Last week, the Office of National Statistics (ONS) reported about one in 30 people in Wales had Covid on June 24 in its weekly infection survey, which is now considered the best barometre of the outbreak since free-testing was axed.
Similar Covid rates have also been reported across the border England, where trusts in Hampshire, Nottinghamshire and Devon have reinstated mask rules.
Throughout the pandemic, Mr Drakeford’s administration has been quick to impose restrictions like mask mandates and slow to withdraw them compared to England.
Wales famously decided to close nightclubs and enforce social distancing in businesses after Christmas in a bid to tackle the original Omicron wave.
In contrast, England kept its clubs and businesses open, instead advised people to test themselves before going to events and ‘prioritise’ which they attended to reduce the spread of the virus.
Mr Drakeford has also previously launched tirades at Mr Johnson regarding England lifting Covid restrictions.
In January, when the UK was dealing with a wave of Omicron, he called England an international ‘outlier’ for avoiding reimposing any measures and accused the PM of overseeing a ‘politically paralysed’ administration.
His comments were made at a press conference where he insisted Covid restrictions must stay in place so Wales could weather an upcoming Omicron ‘storm’.
The UK’s recent Covid spike is being driven by the spread of BA.4 and BA.5, which are thought to be more infectious but just as mild as the original Omicron strain.
Data from the ONS’s infection survey showed 2.3million people had Covid in the week ending June 24, a 32 per cent rise from the previous week.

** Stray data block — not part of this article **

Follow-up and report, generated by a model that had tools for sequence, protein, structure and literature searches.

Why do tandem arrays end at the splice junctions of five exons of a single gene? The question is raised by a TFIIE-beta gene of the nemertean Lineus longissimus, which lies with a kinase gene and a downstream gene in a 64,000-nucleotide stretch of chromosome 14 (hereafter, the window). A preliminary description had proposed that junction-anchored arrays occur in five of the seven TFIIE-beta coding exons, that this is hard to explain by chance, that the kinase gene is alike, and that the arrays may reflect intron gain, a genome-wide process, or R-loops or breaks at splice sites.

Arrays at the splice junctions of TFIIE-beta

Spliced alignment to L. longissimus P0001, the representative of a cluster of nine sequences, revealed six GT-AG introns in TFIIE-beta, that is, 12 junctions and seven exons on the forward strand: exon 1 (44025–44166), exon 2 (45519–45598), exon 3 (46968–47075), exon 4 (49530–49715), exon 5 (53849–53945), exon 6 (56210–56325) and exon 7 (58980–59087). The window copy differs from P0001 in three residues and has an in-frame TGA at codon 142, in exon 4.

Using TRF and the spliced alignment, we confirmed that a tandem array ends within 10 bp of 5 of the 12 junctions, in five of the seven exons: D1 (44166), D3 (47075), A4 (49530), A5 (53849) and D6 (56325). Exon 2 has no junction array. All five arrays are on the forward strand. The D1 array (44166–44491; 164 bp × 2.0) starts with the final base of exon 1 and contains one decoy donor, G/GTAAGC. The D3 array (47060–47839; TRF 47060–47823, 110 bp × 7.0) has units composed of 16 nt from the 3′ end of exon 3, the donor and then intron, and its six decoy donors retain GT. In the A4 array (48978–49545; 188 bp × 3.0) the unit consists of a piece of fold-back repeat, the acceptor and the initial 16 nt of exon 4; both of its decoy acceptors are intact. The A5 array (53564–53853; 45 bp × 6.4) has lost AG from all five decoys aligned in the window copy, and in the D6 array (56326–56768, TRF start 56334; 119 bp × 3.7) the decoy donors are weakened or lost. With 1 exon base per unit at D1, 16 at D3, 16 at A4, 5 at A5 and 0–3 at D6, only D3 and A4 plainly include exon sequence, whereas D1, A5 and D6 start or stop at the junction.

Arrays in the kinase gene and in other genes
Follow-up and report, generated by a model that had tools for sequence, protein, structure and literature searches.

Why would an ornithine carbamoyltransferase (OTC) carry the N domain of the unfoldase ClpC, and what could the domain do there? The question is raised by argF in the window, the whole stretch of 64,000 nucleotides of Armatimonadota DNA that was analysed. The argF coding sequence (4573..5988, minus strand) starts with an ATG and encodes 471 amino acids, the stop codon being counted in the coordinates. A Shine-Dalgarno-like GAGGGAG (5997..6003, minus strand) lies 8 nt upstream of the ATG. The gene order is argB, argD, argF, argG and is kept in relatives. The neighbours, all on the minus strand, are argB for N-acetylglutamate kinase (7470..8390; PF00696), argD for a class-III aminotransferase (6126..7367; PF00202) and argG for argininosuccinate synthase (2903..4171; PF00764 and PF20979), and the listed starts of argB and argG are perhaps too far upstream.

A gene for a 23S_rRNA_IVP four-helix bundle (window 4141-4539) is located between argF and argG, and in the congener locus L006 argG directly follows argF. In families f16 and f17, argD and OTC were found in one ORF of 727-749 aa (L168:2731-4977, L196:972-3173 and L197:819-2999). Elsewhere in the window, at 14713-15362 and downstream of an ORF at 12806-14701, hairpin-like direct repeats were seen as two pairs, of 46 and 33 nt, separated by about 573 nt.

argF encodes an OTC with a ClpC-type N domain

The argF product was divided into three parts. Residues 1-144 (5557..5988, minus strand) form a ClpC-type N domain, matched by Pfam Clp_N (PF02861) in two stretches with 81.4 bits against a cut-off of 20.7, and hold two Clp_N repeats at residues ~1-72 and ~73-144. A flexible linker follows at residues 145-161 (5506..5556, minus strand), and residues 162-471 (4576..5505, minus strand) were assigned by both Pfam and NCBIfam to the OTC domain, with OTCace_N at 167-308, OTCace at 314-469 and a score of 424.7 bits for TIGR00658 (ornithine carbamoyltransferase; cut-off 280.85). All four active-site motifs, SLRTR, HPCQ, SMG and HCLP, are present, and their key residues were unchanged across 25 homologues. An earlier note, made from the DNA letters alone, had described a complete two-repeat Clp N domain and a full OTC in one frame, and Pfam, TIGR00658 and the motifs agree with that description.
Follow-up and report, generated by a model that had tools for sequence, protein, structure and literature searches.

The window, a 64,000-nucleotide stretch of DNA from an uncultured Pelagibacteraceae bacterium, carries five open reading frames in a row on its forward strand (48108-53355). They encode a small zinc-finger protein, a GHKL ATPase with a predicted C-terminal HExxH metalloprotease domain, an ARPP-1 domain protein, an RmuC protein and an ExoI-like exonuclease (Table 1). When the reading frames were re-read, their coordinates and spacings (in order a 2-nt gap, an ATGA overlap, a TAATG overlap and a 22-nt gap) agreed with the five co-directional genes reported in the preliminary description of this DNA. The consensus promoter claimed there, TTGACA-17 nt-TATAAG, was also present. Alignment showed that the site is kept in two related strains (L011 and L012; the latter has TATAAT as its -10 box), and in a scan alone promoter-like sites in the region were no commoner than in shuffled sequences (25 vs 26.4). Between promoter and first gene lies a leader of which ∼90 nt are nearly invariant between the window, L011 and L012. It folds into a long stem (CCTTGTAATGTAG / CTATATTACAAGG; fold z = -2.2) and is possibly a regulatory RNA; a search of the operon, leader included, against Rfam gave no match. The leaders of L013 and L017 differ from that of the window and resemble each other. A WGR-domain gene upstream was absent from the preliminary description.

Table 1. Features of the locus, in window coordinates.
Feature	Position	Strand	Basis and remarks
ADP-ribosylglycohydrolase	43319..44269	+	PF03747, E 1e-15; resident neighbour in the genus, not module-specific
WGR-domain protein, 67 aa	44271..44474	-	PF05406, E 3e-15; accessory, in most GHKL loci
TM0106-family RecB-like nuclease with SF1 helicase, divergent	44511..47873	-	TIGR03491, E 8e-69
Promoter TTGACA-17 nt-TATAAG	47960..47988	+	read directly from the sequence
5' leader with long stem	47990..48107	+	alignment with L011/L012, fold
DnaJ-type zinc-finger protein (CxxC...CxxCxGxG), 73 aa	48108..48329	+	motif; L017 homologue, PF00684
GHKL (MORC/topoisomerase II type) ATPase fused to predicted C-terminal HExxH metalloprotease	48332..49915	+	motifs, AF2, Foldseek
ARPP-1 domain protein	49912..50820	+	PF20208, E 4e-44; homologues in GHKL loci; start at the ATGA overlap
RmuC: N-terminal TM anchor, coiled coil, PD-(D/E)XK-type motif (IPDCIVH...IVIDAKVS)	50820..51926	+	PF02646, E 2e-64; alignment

Celebrations for the Queen’s Platinum Jubilee, half-term holidays and warm weather are also thought to be fuelling the latest surge. Some have also pointed to Britons mistaking Covid symptoms for hay fever.
The UK Government has said it is monitoring the situation ‘very quickly’ but does not yet plan to reintroduce restrictions.
There are fears that the latest Covid surge could cause NHS staff levels to drop once more, causing knock-on effects for ambulance wait times and the availability of specialists and operations.
Will Covid ruin summer AGAIN?
Summer holiday plans for millions of Brits could be in jeopardy as experts fear foreign destinations may reinstate tough Covid curbs to counter surging infections.
Tests, facemasks and vaccine passes could return to favoured holiday hotspots and airports could see further chaos if the number of self-isolating workers skyrockets.
Now MPs and experts have publicly shared their concerns for the future of millions of Brits’ summer holiday plans which could hang in the balance.
Liberal Democrat MP Layla Moran, who chairs the All-Party Parliamentary Group on Coronavirus, warned foreign getaways and even staycations could be scuppered.
She told the Mirror: ‘It is possible that holiday plans will be ruined due to rising Covid rates in the UK.
‘Other countries could reintroduce restrictions on arrivals from Britain, and transport companies – already in crisis from the Government’s mishandling of Brexit and industrial action, are likely to see an increase in staff shortages with more off sick.’